cbor.decode decodes (deserializes) a blob containing CBOR binary data, returning a Lua object that encodes to the given CBOR as defined in cbor.encode. CBOR byte strings decode to Blobs and CBOR nil decodes to null. The other CBOR types decode to primitive strings, numbers, booleans, and tables.

The json module

json.encode(object)

json.encode encodes (serializes) a Lua object into Lua string containing JSON data.

json.encode(object) returns the JSON corresponding to cbor.encode(object).

CBOR byte strings (Blobs) become base64-encoded JSON strings.

json.decode(data)

json.decode decodes (deserializes) a Lua string containing JSON data, returning a Lua object that encodes to the given JSON, as defined in json.encode.

JSON nil decodes to null. The other JSON types decode to primitive strings, numbers, booleans, and tables. JSON strings always decode to Lua strings, including base64-encoded JSON strings.

For example, encoding a Blob to JSON and then decoding the JSON will produce a base64-encoded Lua string. To get the original Blob, apply Blob.from_base64 to the decoded string.

The null object

This is an object that encodes to CBOR or JSON null. This is returned on success in methods like sobject:delete() that return no data. We do not return nil here so that assert(sobject:delete()) works.

The Array class

An Array is a table that always serializes to an JSON/CBOR array, not a map.

Non-numeric keys in an Array (more precisely, keys not included in ipairs) are ignored during serialization.

Motivation

The empty map {} and the empty array [] in JSON both deserialize to the empty Lua table {}.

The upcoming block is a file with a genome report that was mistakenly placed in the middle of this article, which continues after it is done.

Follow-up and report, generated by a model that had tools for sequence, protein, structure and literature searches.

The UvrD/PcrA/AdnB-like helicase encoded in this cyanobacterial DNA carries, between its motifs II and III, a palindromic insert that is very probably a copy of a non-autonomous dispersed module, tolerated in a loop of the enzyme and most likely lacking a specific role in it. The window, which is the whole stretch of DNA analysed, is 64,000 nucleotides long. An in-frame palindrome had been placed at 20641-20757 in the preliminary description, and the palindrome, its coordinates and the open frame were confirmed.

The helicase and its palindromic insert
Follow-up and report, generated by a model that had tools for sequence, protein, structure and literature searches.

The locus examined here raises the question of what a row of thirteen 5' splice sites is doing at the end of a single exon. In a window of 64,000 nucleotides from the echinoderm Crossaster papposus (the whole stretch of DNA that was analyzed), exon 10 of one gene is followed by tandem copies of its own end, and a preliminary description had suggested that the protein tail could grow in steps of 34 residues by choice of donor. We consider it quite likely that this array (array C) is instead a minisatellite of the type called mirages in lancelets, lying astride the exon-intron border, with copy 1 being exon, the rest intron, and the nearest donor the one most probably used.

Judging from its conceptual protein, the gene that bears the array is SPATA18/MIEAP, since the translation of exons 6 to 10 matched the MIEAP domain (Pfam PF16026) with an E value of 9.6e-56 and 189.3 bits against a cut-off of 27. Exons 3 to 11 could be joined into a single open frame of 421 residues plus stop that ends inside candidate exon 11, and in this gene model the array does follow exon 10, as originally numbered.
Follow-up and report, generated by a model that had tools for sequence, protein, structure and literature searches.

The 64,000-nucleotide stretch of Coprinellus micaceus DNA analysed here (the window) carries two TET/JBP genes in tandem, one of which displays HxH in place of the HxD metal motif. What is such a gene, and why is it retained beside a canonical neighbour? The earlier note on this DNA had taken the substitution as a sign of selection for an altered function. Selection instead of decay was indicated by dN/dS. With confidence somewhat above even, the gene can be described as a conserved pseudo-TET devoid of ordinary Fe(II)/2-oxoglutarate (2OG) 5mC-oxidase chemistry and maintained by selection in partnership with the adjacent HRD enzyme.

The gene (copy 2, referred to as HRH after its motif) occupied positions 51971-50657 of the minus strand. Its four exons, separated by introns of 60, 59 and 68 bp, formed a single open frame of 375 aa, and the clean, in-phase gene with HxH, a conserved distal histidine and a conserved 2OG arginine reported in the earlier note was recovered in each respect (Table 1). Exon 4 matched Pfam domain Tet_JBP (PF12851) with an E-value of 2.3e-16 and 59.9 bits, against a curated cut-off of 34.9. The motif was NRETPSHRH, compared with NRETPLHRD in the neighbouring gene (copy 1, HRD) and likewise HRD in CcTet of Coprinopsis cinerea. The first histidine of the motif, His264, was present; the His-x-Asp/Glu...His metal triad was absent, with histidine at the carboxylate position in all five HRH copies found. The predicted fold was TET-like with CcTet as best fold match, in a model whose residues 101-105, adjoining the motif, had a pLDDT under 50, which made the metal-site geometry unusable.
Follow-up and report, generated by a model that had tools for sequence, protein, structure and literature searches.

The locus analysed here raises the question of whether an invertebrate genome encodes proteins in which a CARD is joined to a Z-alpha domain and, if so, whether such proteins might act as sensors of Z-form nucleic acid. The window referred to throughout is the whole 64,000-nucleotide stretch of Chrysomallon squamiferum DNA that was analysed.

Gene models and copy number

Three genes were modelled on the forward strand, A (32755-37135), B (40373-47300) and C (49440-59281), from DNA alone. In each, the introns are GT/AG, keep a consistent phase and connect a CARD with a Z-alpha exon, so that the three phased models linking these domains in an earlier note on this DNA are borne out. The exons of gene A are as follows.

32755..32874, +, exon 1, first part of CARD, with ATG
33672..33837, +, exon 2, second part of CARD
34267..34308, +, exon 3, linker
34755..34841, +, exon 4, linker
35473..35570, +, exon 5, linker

The empty Lua table serializes to the empty map. Array() serializes to the empty array.

Constructors

Array() or Array {} is the empty array.

Array(table) returns setmetatable(table, Array).

E.g. assert(json.encode(Array { 1, 2, a = 3 }) == '[1,2]').

The Error class

This class is used for errors from the plugin APIs. If an error occurs, a function will return two values: nil and the error (this is a standard Lua idiom). An error has two properties: an HTTP status code number status and message string. Custom errors may be constructed using Error.new { status = <code>, message = "<message>" }.

For example,

function run()
  local result, error = Sobject { name = "nonexistent key" }
  assert(result) == nil
  assert(error.status = 404)

  -- return a custom 401 Unauthorized error to the plugin invoker
  return nil, Error.new { status = 401, message = "custom error" }
end

The function principal

principal() returns the EntityId of the entity that invoked the plugin.

For example,

function run()
  if principal():type() ~= 'user'
    return nil, Error.new { status = 401, message = "Plugin may only be invoked by users" }
  end
end

The function this_plugin

this_plugin() returns a Plugin object corresponding to the plugin being invoked.

For example,

function run()
  return "the name of this plugin is " .. this_plugin().name